* Exports down 0.6 percent in 2012
* Brazil is world’s No. 1 chicken meat exporter
* Grain prices blamed for drop in 2012 exports
By Fabiola Gomes
SAO PAULO, Jan 15 (Reuters) - Brazil’s chicken meat exports should increase by about 3 percent this year after falling in 2012 due to high feed costs, the country’s poultry association, Ubabef, said on Tuesday.
The association expects better demand from countries in Asia and Africa and a greater emphasis on processed foods to raise the value of sales and to compensate for high grain prices in the past year in the world’s top chicken meat exporter.
“This year, we want to improve the quality of chicken meat and add value to exports,” said Francisco Turra, president of the Brazilian Poultry Union (Ubabef).
In 2012, more expensive processed chicken products accounted for just 5 percent of Brazil’s total export volume, but that amount could increase as companies like BRF Brasil Foods and Marfrig bet on processed products.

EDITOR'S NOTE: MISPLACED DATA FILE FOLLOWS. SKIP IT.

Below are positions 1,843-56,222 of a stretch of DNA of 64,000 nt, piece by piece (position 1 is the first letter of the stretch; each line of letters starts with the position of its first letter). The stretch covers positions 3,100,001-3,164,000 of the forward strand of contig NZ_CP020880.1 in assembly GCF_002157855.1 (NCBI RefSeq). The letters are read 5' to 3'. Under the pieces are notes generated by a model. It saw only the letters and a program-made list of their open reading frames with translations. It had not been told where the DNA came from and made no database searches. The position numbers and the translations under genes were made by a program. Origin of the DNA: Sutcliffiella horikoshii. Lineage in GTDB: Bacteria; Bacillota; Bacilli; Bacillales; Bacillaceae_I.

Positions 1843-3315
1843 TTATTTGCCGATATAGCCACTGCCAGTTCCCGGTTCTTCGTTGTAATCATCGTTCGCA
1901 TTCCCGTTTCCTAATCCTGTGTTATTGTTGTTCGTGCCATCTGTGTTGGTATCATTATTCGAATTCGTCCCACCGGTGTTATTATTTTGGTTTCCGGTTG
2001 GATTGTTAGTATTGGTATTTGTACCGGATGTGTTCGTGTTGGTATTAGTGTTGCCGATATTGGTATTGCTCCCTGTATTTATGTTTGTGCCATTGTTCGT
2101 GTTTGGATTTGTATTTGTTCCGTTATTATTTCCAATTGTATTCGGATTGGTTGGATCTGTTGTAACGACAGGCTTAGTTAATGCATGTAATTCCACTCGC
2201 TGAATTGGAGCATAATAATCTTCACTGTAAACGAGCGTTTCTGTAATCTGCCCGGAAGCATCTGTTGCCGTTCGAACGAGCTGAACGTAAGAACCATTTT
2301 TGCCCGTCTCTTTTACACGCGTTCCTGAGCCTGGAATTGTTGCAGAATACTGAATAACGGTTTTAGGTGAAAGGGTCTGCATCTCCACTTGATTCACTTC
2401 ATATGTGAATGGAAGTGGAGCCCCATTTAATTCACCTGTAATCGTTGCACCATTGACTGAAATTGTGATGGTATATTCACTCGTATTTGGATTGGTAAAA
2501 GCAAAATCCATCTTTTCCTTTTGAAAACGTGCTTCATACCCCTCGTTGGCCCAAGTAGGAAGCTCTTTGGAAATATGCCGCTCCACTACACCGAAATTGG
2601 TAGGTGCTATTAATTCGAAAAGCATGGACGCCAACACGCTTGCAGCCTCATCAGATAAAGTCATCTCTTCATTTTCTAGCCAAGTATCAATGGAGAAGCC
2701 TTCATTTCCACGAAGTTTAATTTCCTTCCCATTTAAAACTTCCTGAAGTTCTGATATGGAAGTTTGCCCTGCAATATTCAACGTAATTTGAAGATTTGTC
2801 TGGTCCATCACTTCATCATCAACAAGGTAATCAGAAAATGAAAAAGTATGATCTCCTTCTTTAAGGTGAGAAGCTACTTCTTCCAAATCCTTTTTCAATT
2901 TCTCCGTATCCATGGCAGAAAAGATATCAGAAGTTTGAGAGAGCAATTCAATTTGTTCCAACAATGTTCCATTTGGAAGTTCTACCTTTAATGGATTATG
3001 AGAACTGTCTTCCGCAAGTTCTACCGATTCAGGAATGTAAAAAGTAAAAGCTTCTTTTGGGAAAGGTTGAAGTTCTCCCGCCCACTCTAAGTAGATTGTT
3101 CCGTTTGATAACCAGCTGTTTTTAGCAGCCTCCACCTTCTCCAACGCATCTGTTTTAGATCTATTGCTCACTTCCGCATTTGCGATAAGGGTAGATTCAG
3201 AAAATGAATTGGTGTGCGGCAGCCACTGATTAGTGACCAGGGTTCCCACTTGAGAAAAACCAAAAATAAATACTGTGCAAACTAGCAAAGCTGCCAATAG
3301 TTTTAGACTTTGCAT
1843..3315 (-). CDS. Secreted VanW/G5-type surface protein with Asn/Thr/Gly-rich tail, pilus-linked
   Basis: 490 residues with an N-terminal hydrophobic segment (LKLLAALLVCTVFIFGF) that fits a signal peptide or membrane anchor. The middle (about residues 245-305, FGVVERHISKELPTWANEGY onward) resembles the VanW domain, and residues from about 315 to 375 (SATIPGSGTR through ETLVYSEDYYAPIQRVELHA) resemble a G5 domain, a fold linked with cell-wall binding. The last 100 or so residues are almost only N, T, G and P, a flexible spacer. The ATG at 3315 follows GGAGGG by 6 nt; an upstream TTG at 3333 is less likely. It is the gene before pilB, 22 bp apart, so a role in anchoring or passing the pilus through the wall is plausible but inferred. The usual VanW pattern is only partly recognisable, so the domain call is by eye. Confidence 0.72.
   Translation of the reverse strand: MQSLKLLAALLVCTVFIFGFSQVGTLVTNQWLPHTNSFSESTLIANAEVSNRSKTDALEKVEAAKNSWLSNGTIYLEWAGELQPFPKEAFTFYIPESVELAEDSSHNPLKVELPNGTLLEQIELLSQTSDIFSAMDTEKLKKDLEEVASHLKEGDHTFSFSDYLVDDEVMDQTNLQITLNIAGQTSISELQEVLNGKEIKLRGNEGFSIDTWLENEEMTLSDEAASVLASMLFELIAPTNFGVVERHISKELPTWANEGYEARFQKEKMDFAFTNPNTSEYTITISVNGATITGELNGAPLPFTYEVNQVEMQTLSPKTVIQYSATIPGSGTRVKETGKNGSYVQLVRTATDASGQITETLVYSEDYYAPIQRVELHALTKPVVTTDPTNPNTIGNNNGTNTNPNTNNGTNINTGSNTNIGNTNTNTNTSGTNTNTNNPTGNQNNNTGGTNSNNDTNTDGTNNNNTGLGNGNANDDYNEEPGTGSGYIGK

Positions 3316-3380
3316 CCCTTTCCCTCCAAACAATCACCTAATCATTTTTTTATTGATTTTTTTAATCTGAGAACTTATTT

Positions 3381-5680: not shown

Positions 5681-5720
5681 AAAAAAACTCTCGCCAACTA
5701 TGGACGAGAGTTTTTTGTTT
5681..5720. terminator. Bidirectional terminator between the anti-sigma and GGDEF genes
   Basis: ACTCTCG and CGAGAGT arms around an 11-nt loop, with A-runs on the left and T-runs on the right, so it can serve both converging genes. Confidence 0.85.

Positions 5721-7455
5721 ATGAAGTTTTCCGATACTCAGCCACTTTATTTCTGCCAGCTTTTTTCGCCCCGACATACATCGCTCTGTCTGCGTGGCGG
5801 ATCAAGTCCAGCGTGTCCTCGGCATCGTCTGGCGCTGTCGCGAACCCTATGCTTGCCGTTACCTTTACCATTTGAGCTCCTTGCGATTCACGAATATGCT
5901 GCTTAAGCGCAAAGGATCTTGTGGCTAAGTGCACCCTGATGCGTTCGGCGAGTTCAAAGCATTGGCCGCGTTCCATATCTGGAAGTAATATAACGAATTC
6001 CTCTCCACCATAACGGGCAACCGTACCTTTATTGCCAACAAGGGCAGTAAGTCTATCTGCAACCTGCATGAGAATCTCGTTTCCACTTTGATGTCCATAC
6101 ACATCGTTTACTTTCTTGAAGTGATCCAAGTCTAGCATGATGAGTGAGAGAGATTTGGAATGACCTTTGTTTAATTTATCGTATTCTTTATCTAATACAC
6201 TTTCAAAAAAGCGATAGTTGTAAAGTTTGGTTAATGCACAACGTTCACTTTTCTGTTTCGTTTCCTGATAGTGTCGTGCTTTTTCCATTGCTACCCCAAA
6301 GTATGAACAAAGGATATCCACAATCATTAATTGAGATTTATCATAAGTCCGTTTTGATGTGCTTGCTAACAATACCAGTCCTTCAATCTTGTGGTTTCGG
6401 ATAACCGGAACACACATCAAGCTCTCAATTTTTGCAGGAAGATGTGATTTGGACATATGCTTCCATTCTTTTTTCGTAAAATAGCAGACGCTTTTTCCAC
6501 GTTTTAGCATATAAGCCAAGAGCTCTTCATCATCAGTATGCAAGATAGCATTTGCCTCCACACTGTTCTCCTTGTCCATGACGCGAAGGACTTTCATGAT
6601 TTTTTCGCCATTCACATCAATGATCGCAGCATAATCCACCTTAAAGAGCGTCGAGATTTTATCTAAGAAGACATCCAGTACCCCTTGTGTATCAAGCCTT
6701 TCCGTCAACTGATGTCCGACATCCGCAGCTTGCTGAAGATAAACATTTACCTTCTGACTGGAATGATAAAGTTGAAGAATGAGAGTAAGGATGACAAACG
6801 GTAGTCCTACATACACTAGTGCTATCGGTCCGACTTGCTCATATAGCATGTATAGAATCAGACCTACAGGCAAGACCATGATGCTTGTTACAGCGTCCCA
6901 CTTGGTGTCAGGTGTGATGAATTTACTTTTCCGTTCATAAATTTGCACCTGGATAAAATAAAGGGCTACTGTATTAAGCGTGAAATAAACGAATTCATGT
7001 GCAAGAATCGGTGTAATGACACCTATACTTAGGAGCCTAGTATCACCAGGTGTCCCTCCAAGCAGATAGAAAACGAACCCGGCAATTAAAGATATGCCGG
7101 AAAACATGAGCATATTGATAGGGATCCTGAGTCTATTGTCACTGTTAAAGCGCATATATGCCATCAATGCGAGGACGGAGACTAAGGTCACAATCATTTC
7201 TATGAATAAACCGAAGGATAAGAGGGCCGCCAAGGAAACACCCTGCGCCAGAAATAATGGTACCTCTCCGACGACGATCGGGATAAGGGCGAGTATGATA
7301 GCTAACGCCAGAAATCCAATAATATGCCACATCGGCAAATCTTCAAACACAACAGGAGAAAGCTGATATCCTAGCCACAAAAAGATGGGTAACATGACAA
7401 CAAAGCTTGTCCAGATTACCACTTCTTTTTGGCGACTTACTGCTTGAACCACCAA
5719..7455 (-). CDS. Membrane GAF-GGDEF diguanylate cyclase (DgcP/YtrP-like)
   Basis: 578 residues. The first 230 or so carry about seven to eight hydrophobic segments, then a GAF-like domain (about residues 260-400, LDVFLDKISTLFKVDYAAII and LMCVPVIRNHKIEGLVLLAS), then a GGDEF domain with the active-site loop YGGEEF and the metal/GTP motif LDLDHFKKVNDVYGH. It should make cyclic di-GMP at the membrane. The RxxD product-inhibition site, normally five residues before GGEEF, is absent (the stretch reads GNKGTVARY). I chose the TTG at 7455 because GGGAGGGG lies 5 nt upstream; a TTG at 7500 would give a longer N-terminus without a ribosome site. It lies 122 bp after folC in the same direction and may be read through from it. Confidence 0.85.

Turra said he expected increasing demand from emerging markets in Africa to boost sales in 2013. Brazil also hopes to conquer Asian markets like India, Indonesia and Malaysia.
Brazil accounts for 39.7 percent of the world’s chicken exports, followed by the United States with 32.5 percent. Brazil lost a bit of market share last year, as it had accounted for 41.4 percent of global exports in 2011.
Brazil’s chicken production in 2012 fell 3.17 percent from 2011 to 12.645 million tonnes, Ubabef said. It was the first year output had fallen since 2000. Exports in 2012 were down 0.6 percent from 2011.
Grain prices rose to record levels mid-way through last year after drought slashed production in the United States, the world’s top producer of soy and corn, driving up the cost of poultry feed.
Turra said he believed grain prices would remain firm for the first half of 2013 despite expectations for a record Brazilian soybean harvest and a strong corn harvest to hit international markets soon.
In August, Turra reported that 20 of the association’s 80 members, who range from small producers to large international exporters, were in financial difficulties because of the cost of feed.